UN Secretary General Ban-Ki Moon: “Disarmament cannot be considered in isolation from other global challenges. The world spends more on the military in one month than it does on development all year, and four hours of military spending is equal to the total budgets of all international disarmament and non-proliferation organisations combined. The world is over-armed. Peace is under-funded. Bloated military budgets promote proliferation, derail arms control and detract from social and economic development. The profits of the arms industry are built on the suffering of ordinary people in Mali, Syria, Afghanistan, the Democratic Republic of Congo.”
Rob Fairmichael attended the International Peace Bureau council meeting and Afri Hedge School in Dublin in November and wrote this report…
A Disarming Event
‘Disarming’ in English can mean two quite different things. So far as the peace movement is concerned it implies the process of disarmament, of overcoming militarism, and building a real and lasting peace. But ‘disarming’ can also imply pleasant and charming in a low key way, possibly through calming hostility and building confidence. I certainly was not hostile to the International Peace Bureau (IPB) to begin with but I think I could describe the IPB council meeting and related conference as being disarming in both senses. Significantly, this was the first ever IPB council to be held in Ireland.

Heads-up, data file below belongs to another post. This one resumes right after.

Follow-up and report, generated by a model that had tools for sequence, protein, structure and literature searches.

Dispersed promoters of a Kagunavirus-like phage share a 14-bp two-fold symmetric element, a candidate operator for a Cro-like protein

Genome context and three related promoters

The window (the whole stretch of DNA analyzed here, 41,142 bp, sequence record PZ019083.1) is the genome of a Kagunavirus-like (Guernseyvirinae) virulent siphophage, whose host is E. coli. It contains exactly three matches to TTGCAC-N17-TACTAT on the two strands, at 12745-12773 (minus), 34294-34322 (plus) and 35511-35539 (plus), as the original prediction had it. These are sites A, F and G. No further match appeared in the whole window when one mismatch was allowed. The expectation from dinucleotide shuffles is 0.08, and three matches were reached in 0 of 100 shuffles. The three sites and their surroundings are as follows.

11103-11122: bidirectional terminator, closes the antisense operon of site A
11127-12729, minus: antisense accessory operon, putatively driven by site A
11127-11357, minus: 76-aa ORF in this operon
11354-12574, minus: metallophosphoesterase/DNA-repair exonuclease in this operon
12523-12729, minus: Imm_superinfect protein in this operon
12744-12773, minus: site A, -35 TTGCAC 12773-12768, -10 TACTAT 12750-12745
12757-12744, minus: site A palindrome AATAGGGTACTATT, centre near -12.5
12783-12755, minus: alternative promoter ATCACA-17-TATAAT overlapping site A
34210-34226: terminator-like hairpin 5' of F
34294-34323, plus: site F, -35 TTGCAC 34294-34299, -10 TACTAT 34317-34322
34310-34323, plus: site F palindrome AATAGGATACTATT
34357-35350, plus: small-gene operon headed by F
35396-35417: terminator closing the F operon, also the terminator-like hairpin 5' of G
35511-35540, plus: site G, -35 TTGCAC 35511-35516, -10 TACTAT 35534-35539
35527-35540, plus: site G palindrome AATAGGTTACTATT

There were two or three related events. The first was the IPB council business event. The second was a conference which Afri runs in different locations throughout Ireland every autumn but which this time was co-organised with IPB, using IPB people as speakers and resource people. Also speaking at the Hedge School were Afri’s Rose Kelly and Kimmage DSC’s Paddy Reilly, in a session on “Climate Change, Resources and War” chaired by Afri Chairperson, Andy Storey. The conference title was “Joining the dots: Disarmament, Development, Democracy.” In order to make a tangible response to the threat of Climate Change, participants in the Hedge School planted a rowan tree which was then named “Lina [Ben Mhenni]’s tree”. In addition there was the award of IPB’s Sean MacBride Peace Prize to two prominent women involved in the ‘Arab Spring’. Continue reading “Post Hedge School Impressions: A Disarming Event”